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M/Pieces - Ligs Metal mouthieces ... why?

Philly123

Member
Messages
185
I've just bought myself a metal mouthpiece. I did this because my new teacher suggested that I did. He also suggested that I get a Berg Larsen or Otto Link (I can't remember which) but they both cost loads. I bought one (which wasn't either of these) but it looks very shiny and lovely. It's marked as an A7 which sounds bigger than my Yamaha 5c which I'm currently playing. I was worried that I wouldn't be able to get any sound out of it but I got most notes out of it, although there were lots of gaps.
The question I want to ask is, how does a metal mouthpiece contribute to one's playing.
 

C_Claudemonster

Formerly saxgirl22
Messages
399
Hi Philly123, I have a Lawton metal 6*B for tenor. I used it for 3 years succesfully then my teeth had some dental work done & I had to change m/piece to a closer lay as I just couldn't cope with it anymore. However, I don't think I will go back to an ebonite m/p from metal now as the sound it gives is more 'edgy' and it generally gives a fuller & warmer sound imo. Bear in mind that mouthpiece set ups are very personal so what works for one won't for another but I'm very happy with the metal, even more so as it was given to me! I find with ebonite that I can't get the projection I would like from my saxophone and as it's an old German Weltklang it's very suited to the sort of music I play such as the Madness numbers etc. I can be a bit more harsh with my sound and not feel bad about it :)
 

daveysaxboy

Big ruff Geordie bendy metal blower
Messages
3,312
I've just bought myself a metal mouthpiece. I did this because my new teacher suggested that I did. He also suggested that I get a Berg Larsen or Otto Link (I can't remember which) but they both cost loads. I bought one (which wasn't either of these) but it looks very shiny and lovely. It's marked as an A7 which sounds bigger than my Yamaha 5c which I'm currently playing. I was worried that I wouldn't be able to get any sound out of it but I got most notes out of it, although there were lots of gaps.
The question I want to ask is, how does a metal mouthpiece contribute to one's playing.
Your asking a question you cant answer.Some like,prefer metal,some hard rubber.You dont want to get caught up in why or if but what mp you like.I only like metal on tenor,why,they seem to suit me so thats my pick.I like hard rubber on alto.Dont get pushed into getting a mp you dont like.As for difference in sound thats for you to say and if you think there is thats the main thing.So many people will try and tell you there is or not.You pick the piece that suits your needs,likes and your comfort.
 

sushidushi

Mine's an espresso
Messages
651
Mine is neither metal nor rubber, just plastic - a Hite Premier. But I'm happy enough with it.

It strikes me (though I know next to nothing of these matters) to buy a mouthpiece just because of what it's made of. Surely there are some excellent metal pieces and some poor ones, and the same goes for rubber and plastic. I hope you're happy with yours. That's what matters ultimately.
 

tengu01

Member
Messages
725
Yup. It's a vexed question, right up there with what difference the finish/lacquer/metal of your sax has on your sound.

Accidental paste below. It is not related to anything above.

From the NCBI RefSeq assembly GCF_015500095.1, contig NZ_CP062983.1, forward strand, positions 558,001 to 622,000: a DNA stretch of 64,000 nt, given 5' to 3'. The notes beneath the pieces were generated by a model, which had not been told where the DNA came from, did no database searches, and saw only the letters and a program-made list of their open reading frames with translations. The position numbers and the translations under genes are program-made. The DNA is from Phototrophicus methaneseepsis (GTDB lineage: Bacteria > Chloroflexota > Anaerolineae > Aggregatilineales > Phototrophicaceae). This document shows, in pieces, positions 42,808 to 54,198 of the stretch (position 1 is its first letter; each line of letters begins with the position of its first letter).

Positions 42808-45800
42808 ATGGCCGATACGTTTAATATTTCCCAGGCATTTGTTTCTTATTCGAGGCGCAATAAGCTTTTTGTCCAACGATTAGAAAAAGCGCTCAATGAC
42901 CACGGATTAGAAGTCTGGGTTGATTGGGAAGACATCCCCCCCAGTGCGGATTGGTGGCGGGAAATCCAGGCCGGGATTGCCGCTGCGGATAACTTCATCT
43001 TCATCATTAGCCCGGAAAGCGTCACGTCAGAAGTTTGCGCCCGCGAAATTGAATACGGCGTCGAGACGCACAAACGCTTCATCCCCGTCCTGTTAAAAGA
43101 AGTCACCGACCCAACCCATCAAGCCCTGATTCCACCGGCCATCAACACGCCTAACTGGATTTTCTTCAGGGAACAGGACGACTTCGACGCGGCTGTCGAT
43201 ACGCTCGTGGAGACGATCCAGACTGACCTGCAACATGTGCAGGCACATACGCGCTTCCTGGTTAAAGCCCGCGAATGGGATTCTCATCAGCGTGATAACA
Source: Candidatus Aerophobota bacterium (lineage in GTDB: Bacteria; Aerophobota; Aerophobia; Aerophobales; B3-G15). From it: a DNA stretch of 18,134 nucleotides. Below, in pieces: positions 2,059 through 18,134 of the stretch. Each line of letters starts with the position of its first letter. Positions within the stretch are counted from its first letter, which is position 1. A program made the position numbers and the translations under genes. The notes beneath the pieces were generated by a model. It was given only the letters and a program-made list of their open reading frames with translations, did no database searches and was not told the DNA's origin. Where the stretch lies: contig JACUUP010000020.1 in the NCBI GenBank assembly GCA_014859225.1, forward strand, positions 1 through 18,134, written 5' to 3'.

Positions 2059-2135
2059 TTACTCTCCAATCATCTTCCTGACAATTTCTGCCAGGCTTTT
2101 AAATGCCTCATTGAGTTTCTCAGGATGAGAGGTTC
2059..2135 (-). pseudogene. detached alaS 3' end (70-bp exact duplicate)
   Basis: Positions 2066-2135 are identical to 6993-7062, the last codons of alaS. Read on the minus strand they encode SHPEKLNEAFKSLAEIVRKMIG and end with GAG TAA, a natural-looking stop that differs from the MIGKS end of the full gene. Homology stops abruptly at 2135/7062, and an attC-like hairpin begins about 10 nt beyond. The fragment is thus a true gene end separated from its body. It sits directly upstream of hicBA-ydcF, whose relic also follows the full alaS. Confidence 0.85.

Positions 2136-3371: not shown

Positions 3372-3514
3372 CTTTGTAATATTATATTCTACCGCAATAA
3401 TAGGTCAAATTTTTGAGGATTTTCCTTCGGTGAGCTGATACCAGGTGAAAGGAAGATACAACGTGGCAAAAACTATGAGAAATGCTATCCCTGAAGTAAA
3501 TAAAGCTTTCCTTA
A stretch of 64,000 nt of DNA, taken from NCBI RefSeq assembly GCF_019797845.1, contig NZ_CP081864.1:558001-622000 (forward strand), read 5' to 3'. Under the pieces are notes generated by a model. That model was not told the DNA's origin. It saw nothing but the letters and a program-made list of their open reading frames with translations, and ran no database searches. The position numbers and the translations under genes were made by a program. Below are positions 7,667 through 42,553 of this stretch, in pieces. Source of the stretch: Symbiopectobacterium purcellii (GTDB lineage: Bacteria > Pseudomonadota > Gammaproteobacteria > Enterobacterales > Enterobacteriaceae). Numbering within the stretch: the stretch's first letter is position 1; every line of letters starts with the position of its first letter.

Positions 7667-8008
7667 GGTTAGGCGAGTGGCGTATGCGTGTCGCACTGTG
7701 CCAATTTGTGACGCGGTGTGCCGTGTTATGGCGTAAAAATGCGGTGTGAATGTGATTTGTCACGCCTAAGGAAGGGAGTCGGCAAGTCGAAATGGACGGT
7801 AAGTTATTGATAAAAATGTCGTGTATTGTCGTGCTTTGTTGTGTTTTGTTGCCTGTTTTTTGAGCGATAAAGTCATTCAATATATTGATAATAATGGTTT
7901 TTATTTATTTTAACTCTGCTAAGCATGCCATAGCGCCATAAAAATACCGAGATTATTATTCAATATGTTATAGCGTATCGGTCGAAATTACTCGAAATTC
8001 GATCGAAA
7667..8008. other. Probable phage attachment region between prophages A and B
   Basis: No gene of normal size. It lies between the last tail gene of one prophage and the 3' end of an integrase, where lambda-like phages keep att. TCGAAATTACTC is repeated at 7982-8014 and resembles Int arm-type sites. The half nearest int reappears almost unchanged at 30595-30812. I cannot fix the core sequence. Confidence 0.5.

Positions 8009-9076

I think that if you like a mouthpiece and you can get up and down the instrument comfortably, then use that one. Metal or HR. Like Daveysaxboy, I prefer metal on tenor and HR on alto, but that might be because of how they feel to play, rather than specifically because of the material they're made from. On tenor, I use a Lawton 8*B, on alto, I use a Meyer 6.

...but wait. Your question was "what contribution does a metal mouthpiece make to what you're playing?" Answer: I don't think it does. It's just a question of what feels better for you and what you enjoy playing more. Metal mouthpieces can be made with a low baffle and rounded chamber for deep, smoochy warm sound. HR mouthpieces can be made with high baffles and tight chambers for blowing out the windows at the back of the hall. And vice-versa.

Good luck!
 

Colin the Bear

Well-Known Member
Messages
13,079
For me it matters not what the mouthpiece is made of. Sound and ease of play is paramount.

I suppose a metal mouthpiece is tougher than rubber or plastic and will withstand the rigours of transport, mis handling, accidents etc. Although they're not invulnerable.

Different materials offer different possibilities in the manufacturing processes and so alternative internal shaping becomes possible or cheaper.

I have a range of mouthpieces in various materials.

My favourites are modern plastic sop, vintage metal alto, vintage ebonite tenor, modern ebonite Bari.

It's all very personal and the only criteria for a mouthpiece is how it sounds.

A new mouthpiece should wow you from the first blow. Some play easily and some are more temperamental but are worth persevering with for that special sound. The right one will have a tone that melts your heart and almost play itself with perfect intonation throughout the range. Although I've settled on my mouthpieces, I think we're all still looking for that one.

The letter usually is the chamber size and the number the tip opening, so you've gone from a medium chamber, medium tip opening to a small chamber, largish tip opening. A slightly softer reed is indicated for that move and may make the lost notes reappear
 
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